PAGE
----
At SpamTitan, we are conscious of the possible issues related to enterprise web filtering, and we have developed a range of flexible and easy-to-use enterprise Internet filtering solutions that can be set up and in minutes, that have no upfront costs, and that have low maintenance overheads – releasing IT resources to focus on other important problems. We also provide guidance on how to optimize filtering parameters.
In order to maximize the flexibility of our enterprise web filtering software, we deploy a three-tier filtering mechanism and whitelists to allow access to websites that may otherwise be restricted and to reduce the strain on CPU resources when the solution is reviewing encrypted websites. The three tiers consist of URIBL/SURBL filters, category filters and keyword filters:
URIBL/SURBL filters manages requests to visit websites against blacklists of websites known to be harboring malware or who mask their true identities behind proxy servers. They also review for any IP addresses associated with phishing attacks and block access if a match is discovered.
Our category filters sort more than six billion web pages into fifty-three different categories (abortion, adult entertainment, alternative beliefs, alcohol, etc.). Network Administrators can block access to any of the categories with the click of a mouse via the centralized management portal.
Keyword filters restrict access to websites containing specific words, using specific apps, or inviting installations with specific file extensions. This third tier of our enterprise web filtering software supplies a high level of granularity to prevent workflow obstruction or gateways for hackers.
All the filtering parameters are subject to user policies, which can be established and managed by individual user, user group or enterprise-wide. For ease of use, our enterprise Internet filtering solution can be integrated with Active Directory and LDAP, and allows for many different administrative roles to be created for network managers, policy managers, and reporting managers.
SpamTitan’s variety of flexible and simple-to-use enterprise Internet filtering solutions consist of WebTitan Gateway, WebTitan Cloud, and WebTitan Cloud for WiFi. Each can be deployed within minutes and each has automatic network configuration.
WebTitan Gateway is a virtual appliance that is downloaded behind the firewall and can be run as an ISO directly on existing hardware or a virtual infrastructure. It can be used on most operating systems, scalable to thousands of users and supports both HTTP and HTTPS web filtering.
WebTitan Cloud takes advantage of cloud-based technology to send an unmatched combination of coverage, accuracy and flexibility with imperceptible latency. Deployment only needs a quick redirection of the enterprise´s DNS to our servers.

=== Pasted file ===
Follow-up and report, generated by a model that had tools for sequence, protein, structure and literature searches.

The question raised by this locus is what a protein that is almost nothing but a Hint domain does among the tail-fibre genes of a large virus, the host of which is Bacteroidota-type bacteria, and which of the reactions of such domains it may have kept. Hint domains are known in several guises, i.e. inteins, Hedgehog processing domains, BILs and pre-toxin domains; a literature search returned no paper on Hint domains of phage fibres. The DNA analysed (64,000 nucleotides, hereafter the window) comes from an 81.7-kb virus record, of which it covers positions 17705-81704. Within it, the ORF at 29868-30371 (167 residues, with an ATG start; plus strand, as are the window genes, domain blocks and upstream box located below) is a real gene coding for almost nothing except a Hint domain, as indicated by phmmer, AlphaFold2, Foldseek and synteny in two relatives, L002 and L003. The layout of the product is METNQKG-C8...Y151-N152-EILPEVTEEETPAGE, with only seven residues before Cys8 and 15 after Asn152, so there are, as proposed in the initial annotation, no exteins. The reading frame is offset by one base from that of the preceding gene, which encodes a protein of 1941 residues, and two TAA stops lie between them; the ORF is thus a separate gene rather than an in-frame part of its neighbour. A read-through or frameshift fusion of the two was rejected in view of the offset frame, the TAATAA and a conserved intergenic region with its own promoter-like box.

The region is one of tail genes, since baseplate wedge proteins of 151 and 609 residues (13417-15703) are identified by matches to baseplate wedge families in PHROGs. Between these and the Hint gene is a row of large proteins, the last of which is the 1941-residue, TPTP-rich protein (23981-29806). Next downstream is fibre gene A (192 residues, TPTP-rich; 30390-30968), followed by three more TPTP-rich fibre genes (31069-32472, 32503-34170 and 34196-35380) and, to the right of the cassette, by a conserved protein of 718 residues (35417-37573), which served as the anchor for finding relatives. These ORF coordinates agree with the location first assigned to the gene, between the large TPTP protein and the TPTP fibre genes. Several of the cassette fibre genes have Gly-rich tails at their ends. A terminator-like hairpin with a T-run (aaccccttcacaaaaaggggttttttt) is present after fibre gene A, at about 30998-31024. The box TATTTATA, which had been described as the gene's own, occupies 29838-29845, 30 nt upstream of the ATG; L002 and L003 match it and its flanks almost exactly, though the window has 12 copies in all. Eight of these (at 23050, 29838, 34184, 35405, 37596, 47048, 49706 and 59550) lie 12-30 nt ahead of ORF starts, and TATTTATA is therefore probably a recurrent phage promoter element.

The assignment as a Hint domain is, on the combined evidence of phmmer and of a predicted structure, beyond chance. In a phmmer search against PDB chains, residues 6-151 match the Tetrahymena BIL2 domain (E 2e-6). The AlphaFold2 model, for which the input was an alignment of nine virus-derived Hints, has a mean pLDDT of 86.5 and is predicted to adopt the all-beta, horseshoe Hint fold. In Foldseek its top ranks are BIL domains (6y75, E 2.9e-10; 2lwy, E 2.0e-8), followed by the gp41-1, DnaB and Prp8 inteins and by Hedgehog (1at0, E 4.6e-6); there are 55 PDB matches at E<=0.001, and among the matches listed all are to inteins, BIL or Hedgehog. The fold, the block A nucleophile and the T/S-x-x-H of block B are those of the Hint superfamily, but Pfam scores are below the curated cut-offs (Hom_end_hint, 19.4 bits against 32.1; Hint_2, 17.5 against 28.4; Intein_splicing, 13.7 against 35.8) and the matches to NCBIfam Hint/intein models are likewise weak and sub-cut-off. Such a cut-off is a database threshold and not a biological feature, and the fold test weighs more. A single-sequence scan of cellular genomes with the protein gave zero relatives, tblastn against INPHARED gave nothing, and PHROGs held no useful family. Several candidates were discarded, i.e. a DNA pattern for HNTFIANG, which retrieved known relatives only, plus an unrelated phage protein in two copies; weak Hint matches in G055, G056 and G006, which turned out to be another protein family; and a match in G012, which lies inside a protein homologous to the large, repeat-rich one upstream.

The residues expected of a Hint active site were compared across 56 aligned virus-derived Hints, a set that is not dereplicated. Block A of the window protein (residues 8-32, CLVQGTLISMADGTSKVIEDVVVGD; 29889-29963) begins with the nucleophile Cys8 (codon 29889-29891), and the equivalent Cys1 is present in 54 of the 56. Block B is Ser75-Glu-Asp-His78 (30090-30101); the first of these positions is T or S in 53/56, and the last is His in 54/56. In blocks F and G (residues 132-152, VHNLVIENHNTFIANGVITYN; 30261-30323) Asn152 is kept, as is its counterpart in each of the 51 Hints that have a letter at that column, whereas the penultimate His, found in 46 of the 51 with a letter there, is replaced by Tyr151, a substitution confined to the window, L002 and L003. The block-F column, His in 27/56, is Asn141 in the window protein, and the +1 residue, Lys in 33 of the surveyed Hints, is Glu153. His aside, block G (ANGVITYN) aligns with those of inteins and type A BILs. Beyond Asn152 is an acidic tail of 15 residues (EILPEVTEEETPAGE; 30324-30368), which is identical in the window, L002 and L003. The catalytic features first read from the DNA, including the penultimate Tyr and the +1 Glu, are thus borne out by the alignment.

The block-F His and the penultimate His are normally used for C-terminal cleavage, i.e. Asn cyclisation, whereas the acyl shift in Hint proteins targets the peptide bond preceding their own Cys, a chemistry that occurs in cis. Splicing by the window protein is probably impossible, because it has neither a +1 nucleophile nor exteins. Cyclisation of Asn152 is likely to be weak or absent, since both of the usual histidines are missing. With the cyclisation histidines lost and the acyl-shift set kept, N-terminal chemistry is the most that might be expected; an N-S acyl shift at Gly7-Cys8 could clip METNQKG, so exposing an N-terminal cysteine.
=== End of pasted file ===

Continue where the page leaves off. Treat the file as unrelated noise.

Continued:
WebTitan Cloud for WiFi has been specifically created to supports both static and dynamic IP addresses. It keeps wireless networks, single WiFi access points and nationwide networks of WiFi hotspots safe from web-borne threats with the same flexibility and ease of use.
All of our enterprise Internet filtering solutions provide actual-time oversight of network web activity and a suite of reporting options that can be set up to provide deep insight into activity by user, user group, URL or IP address and identify trends or policy violations. Network Administrators can also set up email alerts to notify of any attempts to circumnavigate the enterprise web filtering software.
If your interest in enterprise Internet filtering solutions is a result of you being a Managed Service Provider (MSP) or reseller, you will appreciate that flexibility and ease-of-use is of paramount importance when supplying an enterprise Internet filtering service to clients. The option of managing the solution yourself, or delegating responsibility to each of your clients, may also be of interest to you.
However, some of the biggest benefits of providing our WebTitan service to your clients are that all three WebTitan solutions are multi-tenanted enterprise Internet filtering solutions, they can be provided in white label format for re-branding, and we offer a range of hosting options – in our infrastructure, in your infrastructure, or in a private cloud for each client via AWS. Please speak with us for more information about our services for MSPs.
If you would like to discover more about our flexible enterprise web filtering software, do not hesitate to contact us and talk about your requirements with one of our Sales Technicians. The discussion will help decide the most appropriate enterprise Internet filtering solution for your circumstances, after which you will be asked to take advantage of a thirty day free trial.
During the trial period, you will be supported by our industry-leading Customer and Technical Support experts. They will provide advice about optimizing the filtering parameters, and take you through fine-tuning the enterprise web filtering software to achieve optimum effectiveness. Then, at the end of the free trial, if you choose to continue with our service, no further configuration will be rnecessary.
We are happy that you will find our enterprise web filtering software a strong defense against web-borne threats, flexible and easy-to-use. Contact us today to begin your free trial and you could be evaluating the merits of our enterprise Internet filtering solutions in your own environment quickly.